A few responses to all the input here:



    I have no doubt that even this negative will look great when printed on 8x12 or 12x18. The reason I scanned it at such ridiculous high resolution, is that I did intend to get a closer look at the grain structure. I have successfully scanned other 100 ISO films at the same very high 6300 ppi resolution for my Ektar review, that I am now in the process of updating for new, better, scan results of the serviced 848.



    Interesting, your suggestion of microscopic bubbles. Anyone else who can comment on this particularily in relation to this film type?



    I am perfectly aware of this, as I am the author of that article! . Thanks for the compliment by the way, I am glad that all the work that went into these things is appreciated.

    Yes, it's probably beyond what Fuji Reala 100 can deliver in terms of true image detail, but as I have clearly shown in my Ektar review, some films (like Fuji Velvia 100 and Kodak Ektar 100) DO hold up even with such ridiculous high scanning resolutions.

    And again, I was trying to asses the grain structure. However, since these results, compared to the other 100 ISO films in my Ektar 100 review, were somewhat unexpected, I want to make sure I do not have another issue like a bad film processing issue. Or if Reala 100 is known to be a problematic film for scanning due to it's technical make up in terms of layers or so... I have regularly read here on APUG about older film types being "difficult" to scan, is Reala 100 maybe one of them?, and of updates to emulsions by manufacturers for "better scanning" characteristics.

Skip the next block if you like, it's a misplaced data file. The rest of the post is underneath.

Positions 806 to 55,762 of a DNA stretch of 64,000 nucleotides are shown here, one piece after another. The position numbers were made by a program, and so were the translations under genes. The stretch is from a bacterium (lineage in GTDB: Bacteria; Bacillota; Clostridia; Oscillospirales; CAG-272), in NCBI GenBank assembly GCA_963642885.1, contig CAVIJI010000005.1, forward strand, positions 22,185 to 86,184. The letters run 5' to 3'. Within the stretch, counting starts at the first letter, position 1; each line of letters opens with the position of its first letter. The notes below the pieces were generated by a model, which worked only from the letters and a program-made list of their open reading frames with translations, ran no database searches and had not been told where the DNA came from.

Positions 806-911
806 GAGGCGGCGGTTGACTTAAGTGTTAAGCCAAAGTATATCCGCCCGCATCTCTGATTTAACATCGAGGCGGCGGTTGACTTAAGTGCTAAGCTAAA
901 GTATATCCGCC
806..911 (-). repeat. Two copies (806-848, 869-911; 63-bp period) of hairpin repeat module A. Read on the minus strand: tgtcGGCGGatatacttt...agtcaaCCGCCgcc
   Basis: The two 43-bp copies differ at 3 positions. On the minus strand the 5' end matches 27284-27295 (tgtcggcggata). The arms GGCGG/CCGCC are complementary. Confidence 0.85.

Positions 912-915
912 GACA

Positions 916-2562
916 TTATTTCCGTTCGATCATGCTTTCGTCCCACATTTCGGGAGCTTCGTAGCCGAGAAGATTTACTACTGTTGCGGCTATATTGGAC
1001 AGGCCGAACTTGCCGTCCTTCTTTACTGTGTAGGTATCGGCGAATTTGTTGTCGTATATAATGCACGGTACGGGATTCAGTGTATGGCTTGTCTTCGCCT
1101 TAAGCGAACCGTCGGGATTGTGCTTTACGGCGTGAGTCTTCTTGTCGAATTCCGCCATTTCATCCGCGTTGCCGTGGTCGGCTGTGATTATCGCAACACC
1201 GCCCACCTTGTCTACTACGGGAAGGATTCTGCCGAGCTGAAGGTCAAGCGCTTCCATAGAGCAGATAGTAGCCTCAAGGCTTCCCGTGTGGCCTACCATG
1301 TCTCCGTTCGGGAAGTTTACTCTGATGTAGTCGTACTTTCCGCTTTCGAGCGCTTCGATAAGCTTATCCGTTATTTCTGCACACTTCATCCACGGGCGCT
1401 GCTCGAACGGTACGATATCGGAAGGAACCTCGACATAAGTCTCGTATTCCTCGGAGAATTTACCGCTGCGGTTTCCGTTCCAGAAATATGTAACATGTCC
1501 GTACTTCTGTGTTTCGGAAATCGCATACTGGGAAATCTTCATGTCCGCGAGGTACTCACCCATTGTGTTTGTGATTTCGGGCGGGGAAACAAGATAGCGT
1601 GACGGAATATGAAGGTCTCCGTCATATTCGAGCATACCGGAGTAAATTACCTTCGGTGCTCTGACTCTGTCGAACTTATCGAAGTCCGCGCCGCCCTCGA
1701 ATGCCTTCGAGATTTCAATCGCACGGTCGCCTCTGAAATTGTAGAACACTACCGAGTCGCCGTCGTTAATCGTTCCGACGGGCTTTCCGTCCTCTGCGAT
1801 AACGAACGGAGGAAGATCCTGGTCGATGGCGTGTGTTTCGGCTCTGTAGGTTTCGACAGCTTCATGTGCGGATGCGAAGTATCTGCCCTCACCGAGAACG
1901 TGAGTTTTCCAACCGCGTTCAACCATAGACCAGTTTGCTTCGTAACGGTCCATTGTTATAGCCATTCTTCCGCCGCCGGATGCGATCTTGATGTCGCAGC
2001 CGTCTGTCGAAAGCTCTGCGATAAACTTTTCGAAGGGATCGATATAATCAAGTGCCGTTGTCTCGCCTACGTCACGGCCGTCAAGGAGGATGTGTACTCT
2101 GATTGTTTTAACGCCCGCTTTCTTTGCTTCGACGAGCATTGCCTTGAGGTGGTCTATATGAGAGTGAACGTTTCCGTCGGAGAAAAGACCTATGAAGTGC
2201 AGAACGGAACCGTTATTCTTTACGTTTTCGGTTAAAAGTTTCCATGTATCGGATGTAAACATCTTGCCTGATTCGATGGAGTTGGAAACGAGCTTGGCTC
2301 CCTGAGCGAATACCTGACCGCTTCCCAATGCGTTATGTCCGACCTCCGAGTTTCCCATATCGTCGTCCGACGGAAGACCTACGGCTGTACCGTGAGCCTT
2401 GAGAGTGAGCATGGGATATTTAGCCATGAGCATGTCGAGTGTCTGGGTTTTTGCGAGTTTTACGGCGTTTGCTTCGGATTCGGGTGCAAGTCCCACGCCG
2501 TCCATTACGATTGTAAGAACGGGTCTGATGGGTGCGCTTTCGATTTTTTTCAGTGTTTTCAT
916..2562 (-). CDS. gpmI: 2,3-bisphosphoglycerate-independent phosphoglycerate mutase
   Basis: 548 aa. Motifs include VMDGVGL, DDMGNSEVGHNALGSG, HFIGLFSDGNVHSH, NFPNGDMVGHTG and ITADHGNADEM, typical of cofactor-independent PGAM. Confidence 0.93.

Is there anyone else here that has ever attempted to scan a Reala 100 negative at resolutions beyond 4000 ppi at a scanner like Imacon, drum, or Nikon Coolscan and that can comment on his observations, like Landecker did with his Microtek?
    Last edited by Lamar; 08-24-2009 at 11:52 AM. Click to view previous post history.

  2. #22